Hanging baskets can house a dazzling, colourful garden display, inside or outside, that catches your attention and draws the eye upward. Hanging baskets can also expand available gardening space for ornamental plants, herbs or even vegetables. There are many different types of hanging planters to choose from at gardening centres, or you can be creative and make your own.
Solid wall baskets are most commonly made out of lightweight plastic, but they are also sometimes made out of a clay material like terracotta. As the name suggests, a solid wall basket is just like a traditional flowerpot, with solid walls all around to hold in the growing medium. A drip tray, either fixed or attachable, is usually included.
Wire hanging baskets are popular because they are lightweight, decorative and durable. Wire baskets must be outfitted with some type of liner, such as plastic, moss or coconut husk, to hold in the growing medium so it does not escape through the open-weave design.
Fibre baskets have a more natural look than plastic or wire, and their breathability provides good aeration. They are made out of a resin-bonded fibre. The downside to fibre baskets is that they don't last as long as those made of sturdier materials.
Wood baskets are usually not made for direct planting, but can be with an appropriate liner. Stacked wooden slats in a "log cabin" style design create an attractive hanging basket for decorative purposes. A chain is attached to each corner to hang it by. You can insert an inexpensive plastic pot with a floral arrangement inside, or put in a sphagnum moss or plastic liner for direct planting. Never grow edible plants directly in treated wood.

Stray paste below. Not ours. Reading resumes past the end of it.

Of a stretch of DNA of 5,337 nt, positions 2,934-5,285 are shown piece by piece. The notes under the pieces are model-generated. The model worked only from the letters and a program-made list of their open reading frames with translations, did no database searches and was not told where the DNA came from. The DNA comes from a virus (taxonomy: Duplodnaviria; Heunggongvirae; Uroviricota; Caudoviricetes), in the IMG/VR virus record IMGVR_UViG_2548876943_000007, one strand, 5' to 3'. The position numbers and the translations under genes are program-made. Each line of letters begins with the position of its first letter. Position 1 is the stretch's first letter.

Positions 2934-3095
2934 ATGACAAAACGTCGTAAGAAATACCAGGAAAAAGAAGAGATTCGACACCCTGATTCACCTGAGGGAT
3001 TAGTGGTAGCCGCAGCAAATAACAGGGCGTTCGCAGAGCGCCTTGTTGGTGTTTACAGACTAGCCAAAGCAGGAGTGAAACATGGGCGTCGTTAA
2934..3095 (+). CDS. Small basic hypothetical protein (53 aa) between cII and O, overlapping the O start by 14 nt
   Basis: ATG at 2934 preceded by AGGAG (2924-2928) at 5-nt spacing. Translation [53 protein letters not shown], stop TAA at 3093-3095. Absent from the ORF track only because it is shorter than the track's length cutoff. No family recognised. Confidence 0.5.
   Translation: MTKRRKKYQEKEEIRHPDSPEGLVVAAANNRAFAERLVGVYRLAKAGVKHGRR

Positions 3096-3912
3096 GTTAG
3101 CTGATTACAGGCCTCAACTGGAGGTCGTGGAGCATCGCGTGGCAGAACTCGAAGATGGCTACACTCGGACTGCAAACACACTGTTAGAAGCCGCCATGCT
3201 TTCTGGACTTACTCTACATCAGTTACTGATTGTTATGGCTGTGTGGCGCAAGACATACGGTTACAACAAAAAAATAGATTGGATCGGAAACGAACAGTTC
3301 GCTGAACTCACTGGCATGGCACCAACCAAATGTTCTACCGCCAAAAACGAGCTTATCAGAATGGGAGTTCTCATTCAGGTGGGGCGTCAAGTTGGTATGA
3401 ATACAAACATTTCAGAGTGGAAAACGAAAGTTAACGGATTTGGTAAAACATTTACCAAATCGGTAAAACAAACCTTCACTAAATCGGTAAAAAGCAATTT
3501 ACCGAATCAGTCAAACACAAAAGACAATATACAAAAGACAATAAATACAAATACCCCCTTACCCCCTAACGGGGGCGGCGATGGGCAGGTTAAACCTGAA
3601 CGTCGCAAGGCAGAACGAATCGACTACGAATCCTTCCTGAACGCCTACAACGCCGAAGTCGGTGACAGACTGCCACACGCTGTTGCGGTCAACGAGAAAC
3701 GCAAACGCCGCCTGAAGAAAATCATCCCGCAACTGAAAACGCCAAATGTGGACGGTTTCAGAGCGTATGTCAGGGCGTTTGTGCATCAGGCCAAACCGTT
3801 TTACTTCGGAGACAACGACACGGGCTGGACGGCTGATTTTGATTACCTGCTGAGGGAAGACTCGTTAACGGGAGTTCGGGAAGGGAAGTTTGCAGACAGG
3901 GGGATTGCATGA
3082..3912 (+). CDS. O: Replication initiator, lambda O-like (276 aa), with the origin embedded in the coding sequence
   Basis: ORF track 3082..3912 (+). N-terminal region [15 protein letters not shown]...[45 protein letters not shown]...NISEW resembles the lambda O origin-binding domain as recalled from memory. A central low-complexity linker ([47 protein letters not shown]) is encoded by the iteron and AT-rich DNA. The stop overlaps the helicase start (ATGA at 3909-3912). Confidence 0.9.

For those who don't have a lot of time to care for plants, or who live in a particularly hot and dry region, a self-watering basket is a worthwhile investment than can save your precious greenery. The basket has a reservoir that can be kept full so that the plant will wick water up through the special liner. Self-watering planters must be hung from a very solidly placed hook, as the water reservoir creates a lot of extra weight.
A popular new way to grow herbs, tomatoes, strawberries and other foods that do well in hanging baskets is to grow them upside-down. Gravity allows the plant to hang naturally, with no need for staking or tying branches. The upside-down basket has a hole in the bottom. The seedling is planted by threading it through this hole before adding the growing medium.
As long as a container can hold soil, be drilled for drainage and hung on a hook, you can use it as a hanging basket. There are a number of containers you can convert to a hanging basket, such as wicker baskets, buckets, plastic bowls, colanders, salad spinner baskets, birdcages and old pots. Use your imagination when choosing a hanging basket.